Having the mentality that people are just lazy is not fixing the problem that is getting worse every day. Anyone who is homeless that suffers from a mental illness is the opposite of lazy, they just need the right recourses to get back on their feet. There are many harmful effects that the stigma with people who suffer from mental health face with which include fewer job opportunities, safe housing, and affordable healthcare, all the while facing discrimination for their illness.
This type of discrimination against homeless people is talked about in an article written by Ben Fishel discussing a clip from the radio show host Bill O’Reilly’s broadcast. As stated in Fishel’s article “Bill O’Reilly asserted that homeless people will “not support themselves” because they “want to get drunk, or they want to get high… or they don’t want to work they’re too lazy.” Fishel then goes on to say that according to National Resource and Training Center on Homelessness and Mental Illness that the leading cause is due to mental illnesses.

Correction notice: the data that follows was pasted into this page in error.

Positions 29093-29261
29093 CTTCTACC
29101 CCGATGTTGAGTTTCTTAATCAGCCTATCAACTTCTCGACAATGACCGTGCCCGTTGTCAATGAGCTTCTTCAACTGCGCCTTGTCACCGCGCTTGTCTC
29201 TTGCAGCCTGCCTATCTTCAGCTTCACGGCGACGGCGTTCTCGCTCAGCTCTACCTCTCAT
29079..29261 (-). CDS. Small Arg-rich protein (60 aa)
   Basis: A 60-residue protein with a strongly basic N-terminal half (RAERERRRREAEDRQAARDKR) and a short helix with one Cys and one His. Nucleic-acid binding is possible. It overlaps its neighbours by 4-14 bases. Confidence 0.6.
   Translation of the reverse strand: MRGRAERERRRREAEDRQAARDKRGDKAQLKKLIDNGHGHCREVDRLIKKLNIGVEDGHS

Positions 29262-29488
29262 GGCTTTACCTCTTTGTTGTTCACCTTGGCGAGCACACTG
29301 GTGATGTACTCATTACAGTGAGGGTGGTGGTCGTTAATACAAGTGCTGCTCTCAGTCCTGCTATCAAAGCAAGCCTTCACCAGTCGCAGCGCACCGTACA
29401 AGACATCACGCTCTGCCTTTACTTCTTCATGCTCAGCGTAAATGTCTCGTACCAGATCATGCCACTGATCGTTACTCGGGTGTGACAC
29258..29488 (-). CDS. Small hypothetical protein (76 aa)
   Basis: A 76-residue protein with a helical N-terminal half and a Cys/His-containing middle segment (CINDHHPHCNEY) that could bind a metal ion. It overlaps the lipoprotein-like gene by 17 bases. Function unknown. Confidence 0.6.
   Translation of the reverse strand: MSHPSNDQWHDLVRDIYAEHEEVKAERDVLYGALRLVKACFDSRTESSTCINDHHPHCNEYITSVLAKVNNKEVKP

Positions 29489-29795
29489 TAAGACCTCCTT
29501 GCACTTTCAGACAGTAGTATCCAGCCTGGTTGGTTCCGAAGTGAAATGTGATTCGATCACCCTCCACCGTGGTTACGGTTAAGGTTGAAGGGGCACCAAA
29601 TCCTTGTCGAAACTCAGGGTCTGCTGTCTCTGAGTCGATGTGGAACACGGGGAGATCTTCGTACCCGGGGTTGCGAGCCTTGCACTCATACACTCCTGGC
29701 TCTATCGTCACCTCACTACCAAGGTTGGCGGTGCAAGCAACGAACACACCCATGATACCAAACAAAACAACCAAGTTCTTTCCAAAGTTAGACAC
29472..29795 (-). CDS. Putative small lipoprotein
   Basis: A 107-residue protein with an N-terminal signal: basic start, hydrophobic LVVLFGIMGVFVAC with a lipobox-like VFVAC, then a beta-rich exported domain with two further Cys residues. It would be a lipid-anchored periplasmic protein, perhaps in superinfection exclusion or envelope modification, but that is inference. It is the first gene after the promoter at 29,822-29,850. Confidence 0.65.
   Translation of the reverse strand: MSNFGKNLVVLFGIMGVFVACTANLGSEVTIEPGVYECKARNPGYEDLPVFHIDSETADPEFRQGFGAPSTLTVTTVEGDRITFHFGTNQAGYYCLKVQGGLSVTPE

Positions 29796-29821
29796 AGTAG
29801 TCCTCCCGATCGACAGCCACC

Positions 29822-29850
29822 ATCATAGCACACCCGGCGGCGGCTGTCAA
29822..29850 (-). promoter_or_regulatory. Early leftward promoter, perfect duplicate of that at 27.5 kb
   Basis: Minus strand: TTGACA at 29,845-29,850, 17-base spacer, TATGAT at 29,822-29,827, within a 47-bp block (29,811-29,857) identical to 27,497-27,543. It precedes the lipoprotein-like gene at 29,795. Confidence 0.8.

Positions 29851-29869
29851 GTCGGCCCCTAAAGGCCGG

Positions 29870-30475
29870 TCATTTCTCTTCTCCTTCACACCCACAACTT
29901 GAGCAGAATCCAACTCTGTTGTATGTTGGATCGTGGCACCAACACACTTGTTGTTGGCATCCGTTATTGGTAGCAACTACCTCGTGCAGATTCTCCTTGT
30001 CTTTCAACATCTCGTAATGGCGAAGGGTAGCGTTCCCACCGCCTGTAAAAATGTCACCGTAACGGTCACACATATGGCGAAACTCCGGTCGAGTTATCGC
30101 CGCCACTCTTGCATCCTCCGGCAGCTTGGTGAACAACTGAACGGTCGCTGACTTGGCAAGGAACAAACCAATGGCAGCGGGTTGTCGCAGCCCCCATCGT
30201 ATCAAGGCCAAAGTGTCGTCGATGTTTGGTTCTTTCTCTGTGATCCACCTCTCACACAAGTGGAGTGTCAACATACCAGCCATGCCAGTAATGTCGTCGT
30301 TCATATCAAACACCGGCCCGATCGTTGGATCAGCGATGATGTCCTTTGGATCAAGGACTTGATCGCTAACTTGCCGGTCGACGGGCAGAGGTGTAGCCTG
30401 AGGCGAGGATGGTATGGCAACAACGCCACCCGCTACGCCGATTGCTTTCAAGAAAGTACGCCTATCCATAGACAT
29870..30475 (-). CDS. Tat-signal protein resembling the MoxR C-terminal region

Therefore, this is a reason why it is important to educate others on mental health and that it can in fact lead to homelessness. There are many ways a person can cope with the self-doubt or stigma of mental illness, which is reaching out to loved ones or friends, avoid isolation, join support groups, and receive the right treatment. Overcoming this stigma is important in order to end the discrimination against people who suffer from a mental illness.
All in all, mental health seems to be a vicious cycle that leads to homelessness. Discrimination against someone facing a mental illness whether it is at home, work, or from others can lead to the problem becoming worse and prevent a person from receiving the help that they may need. It is important to understand the signs of a mental illness and how to treat it.
Mental health awareness is important and should be discussed more often to reduce the stigma against those who are suffering and increase the chances for early intervention. There are many mental illnesses ranging from depression, bipolar disorder and schizophrenia just to name a few. Any of these health issues can lead to someone being withdrawn from family and they may refuse help.
It can also be hard for someone to obtain employment or keep their current job due to certain behaviors or episodes that may happen. Lastly, with the high cost of treatment, medication and lack of recourses it can be hard for someone to seek help or receive the right treatment for their condition. All of these factors can result in a higher risk of becoming homeless in a person who is suffering from a mental illness.